How to Replace Negative Self-Talk with Loving Self-Talk
Self-love is a lifelong journey.
I say journey because it really is a traversing of the self. You’ll find yourself in your own version of the Odyssey and the Iliad. You’ll be faced with circumstances, people and things that reveal to you all of the places inside of you that need your attention, healing and self-love. You will be challenged to examine and let go of any belief that doesn’t serve your highest good. You’ll be pushed outside of your comfort zone and asked to see things from a different perspective (and not the same rabbit hole you frequent day in and day out).
You’ll be asked to do this over and over again because self-love is an evolution, not a “one and done” endeavor. There will be glorious moments where you rise to the occasion and gloomy ones where you fall flat on your face (and question what the hell you’re doing in the first place). No matter the outcome, you always resolve to keep going and see just exactly where this adventure takes you.
My dear Braveheart, you have many different tools at your disposal while you’re on this journey -- tools that have the ability to strengthen you and empower you as you bust thru the stories and the obstacles that appear on your path.
One of these life-changing tools is your self-talk.
What is self-talk? Self-talk is mental chatter created by that voice in your head that talks to you as you go about your day. It’s your thinking voice. Your self-talk is powerful because it helps you process life as it happens to you. It helps you to form opinions, ideas, expectations and recommendations about what’s happening to you. It helps you decide small stuff like where to have lunch and it helps you interpret what your boyfriend meant when he dropped you off at your house after ya’lls date.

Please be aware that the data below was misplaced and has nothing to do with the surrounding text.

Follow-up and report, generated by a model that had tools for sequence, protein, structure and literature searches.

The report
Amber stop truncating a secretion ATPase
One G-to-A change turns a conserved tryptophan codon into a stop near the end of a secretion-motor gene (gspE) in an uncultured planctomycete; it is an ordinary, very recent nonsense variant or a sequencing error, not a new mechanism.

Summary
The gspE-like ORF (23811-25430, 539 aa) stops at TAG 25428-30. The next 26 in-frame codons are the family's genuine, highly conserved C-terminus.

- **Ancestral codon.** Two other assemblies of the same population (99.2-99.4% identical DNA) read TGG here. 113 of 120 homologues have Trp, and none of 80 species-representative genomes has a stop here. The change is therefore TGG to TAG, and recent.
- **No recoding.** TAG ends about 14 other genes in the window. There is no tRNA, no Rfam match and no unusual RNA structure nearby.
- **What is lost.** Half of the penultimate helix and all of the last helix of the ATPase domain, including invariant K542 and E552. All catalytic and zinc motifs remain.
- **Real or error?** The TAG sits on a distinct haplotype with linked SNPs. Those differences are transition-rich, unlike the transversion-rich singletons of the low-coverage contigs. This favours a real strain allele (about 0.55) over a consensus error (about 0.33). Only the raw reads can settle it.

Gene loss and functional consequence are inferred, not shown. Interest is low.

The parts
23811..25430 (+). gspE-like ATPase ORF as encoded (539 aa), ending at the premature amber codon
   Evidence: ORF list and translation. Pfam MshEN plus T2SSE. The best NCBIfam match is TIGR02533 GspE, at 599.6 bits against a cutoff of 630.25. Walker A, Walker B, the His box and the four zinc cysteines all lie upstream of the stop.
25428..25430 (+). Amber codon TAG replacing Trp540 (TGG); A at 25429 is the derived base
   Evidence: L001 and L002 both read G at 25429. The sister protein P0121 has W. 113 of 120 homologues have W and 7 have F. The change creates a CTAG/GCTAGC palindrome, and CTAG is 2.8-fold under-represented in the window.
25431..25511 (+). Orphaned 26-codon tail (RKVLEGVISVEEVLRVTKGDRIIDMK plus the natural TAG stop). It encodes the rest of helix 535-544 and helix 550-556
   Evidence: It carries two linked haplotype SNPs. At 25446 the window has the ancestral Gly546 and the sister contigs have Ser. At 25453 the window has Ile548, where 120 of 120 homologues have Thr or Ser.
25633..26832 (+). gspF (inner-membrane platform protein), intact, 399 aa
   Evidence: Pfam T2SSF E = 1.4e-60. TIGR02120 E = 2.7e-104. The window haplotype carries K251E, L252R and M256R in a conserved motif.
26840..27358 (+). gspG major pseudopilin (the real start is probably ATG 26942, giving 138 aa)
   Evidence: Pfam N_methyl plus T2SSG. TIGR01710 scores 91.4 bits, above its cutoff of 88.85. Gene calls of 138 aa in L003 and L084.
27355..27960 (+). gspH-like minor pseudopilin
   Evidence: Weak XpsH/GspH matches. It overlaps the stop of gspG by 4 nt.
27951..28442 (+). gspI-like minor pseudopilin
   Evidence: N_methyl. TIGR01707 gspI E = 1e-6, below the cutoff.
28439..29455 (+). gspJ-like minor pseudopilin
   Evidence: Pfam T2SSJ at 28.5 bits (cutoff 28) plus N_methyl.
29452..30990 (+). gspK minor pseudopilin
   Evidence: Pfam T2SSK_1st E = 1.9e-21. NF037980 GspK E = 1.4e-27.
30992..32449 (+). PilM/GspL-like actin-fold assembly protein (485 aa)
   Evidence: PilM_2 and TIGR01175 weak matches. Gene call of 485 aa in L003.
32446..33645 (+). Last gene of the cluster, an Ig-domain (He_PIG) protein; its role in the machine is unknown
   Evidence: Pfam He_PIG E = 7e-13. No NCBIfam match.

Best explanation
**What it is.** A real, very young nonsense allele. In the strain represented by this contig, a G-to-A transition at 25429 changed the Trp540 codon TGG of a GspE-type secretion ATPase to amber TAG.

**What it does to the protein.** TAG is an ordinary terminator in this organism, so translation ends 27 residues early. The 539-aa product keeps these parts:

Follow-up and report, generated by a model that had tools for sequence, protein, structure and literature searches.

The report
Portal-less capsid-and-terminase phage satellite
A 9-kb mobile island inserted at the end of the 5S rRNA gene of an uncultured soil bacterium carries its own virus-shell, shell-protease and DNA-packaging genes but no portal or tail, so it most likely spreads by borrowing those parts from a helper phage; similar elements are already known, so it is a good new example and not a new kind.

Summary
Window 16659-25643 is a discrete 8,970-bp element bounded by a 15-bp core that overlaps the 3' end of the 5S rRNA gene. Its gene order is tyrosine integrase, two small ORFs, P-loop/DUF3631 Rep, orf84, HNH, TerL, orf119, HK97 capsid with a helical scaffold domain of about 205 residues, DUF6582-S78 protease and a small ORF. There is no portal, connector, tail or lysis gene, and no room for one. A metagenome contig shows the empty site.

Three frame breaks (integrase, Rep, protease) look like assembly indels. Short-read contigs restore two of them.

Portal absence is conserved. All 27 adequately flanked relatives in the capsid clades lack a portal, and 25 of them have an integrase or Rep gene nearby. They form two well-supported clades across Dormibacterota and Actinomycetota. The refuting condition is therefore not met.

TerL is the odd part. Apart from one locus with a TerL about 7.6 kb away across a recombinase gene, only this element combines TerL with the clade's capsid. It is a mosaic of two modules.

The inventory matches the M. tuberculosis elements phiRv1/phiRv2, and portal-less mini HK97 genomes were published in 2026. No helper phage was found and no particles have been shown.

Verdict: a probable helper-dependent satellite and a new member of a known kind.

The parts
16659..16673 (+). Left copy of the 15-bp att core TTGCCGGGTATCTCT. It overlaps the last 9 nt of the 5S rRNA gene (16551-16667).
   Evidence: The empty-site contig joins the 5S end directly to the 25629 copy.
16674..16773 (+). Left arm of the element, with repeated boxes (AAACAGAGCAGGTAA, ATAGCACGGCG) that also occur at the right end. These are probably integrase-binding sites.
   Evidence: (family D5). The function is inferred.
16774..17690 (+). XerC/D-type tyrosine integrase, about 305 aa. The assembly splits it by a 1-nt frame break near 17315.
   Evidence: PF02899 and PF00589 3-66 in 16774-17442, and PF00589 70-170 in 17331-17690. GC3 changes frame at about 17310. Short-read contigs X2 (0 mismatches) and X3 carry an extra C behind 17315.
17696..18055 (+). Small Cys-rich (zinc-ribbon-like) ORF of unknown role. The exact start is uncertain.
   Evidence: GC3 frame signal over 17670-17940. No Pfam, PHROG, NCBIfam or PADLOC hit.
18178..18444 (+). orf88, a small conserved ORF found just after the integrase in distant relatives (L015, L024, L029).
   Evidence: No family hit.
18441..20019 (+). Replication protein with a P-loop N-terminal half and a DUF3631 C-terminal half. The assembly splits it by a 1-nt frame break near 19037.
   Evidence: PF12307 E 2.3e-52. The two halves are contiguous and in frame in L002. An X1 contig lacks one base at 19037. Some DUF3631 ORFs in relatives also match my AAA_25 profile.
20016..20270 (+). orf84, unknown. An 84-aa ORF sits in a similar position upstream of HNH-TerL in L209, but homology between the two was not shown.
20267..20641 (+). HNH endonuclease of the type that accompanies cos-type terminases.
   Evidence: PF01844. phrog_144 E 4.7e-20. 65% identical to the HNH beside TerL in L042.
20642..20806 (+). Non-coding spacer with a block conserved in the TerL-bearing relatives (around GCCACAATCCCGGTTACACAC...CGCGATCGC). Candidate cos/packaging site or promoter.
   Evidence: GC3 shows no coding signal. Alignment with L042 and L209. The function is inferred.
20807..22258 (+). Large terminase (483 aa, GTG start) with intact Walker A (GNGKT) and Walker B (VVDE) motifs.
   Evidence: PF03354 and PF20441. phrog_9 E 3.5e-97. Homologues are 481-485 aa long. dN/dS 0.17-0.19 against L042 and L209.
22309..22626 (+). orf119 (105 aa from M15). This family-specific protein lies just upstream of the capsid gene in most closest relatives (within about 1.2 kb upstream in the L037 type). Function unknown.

Self-talk is powerful because it affects every single thing that you do and say. What you do and say affects your results. Your results become your life. In short, you can directly impact where you life is by how you’re talking to yourself.
Many of my clients share with me that they are their own worst critics and that they say nasty things to themselves (things they would never say to another person and things they’d be so embarrassed about if anyone were to find out). I totally get it because I’ve been there. I am my own worst critic and I know how to make myself feel down in the dumps.
Our self-talk is powerful and instead of using it to belittle ourselves, we can totally use it to uplift and empower ourselves.
Today I’m going to share with you my three step process to changing your negative self-talk to self-talk infused with loving kindness:
1. Get to know your self-talk.
Real talk, HB: you cannot change something you aren’t aware of or that you don’t know intimately. Your self-talk currently has a very specific way of speaking to you. I bet you that your self-talk uses the same phrases, names and themes every single time that it voices an opinion. Some of these phrases, names and themes you picked up from other people (like your parents, siblings, teachers, friends, etc), so they don’t even really belong to you.
In my e-course, Yes, I Am: Affirming Your Way Into the Life You Want, I talk about conducting a one-week mind inventory. During this week, you are an auditor that is inspecting the content of your self-talk. You’re looking at patterns, tone, verbiage, themes, names that you call yourself and others, etc. You want to get a feel for the main vibe of your self-talk. Overall, is it positive or does it depress you? Does it belittle you or does it empower you?
As you are conducting your internal audit, it’s really easy to get judgmental (judging yourself for judging yourself) and to go further down the rabbit whole of self-talk by saying, “You’re so stupid for judging yourself. No wonder you’re not farther in your life. You always do this crap. I can’t believe it.” That serves no one.
Instead, approach this one week mind inventory with curiosity. You are an anthropologist and your subject matter is you. According to Live Science, an anthropologist is one who studies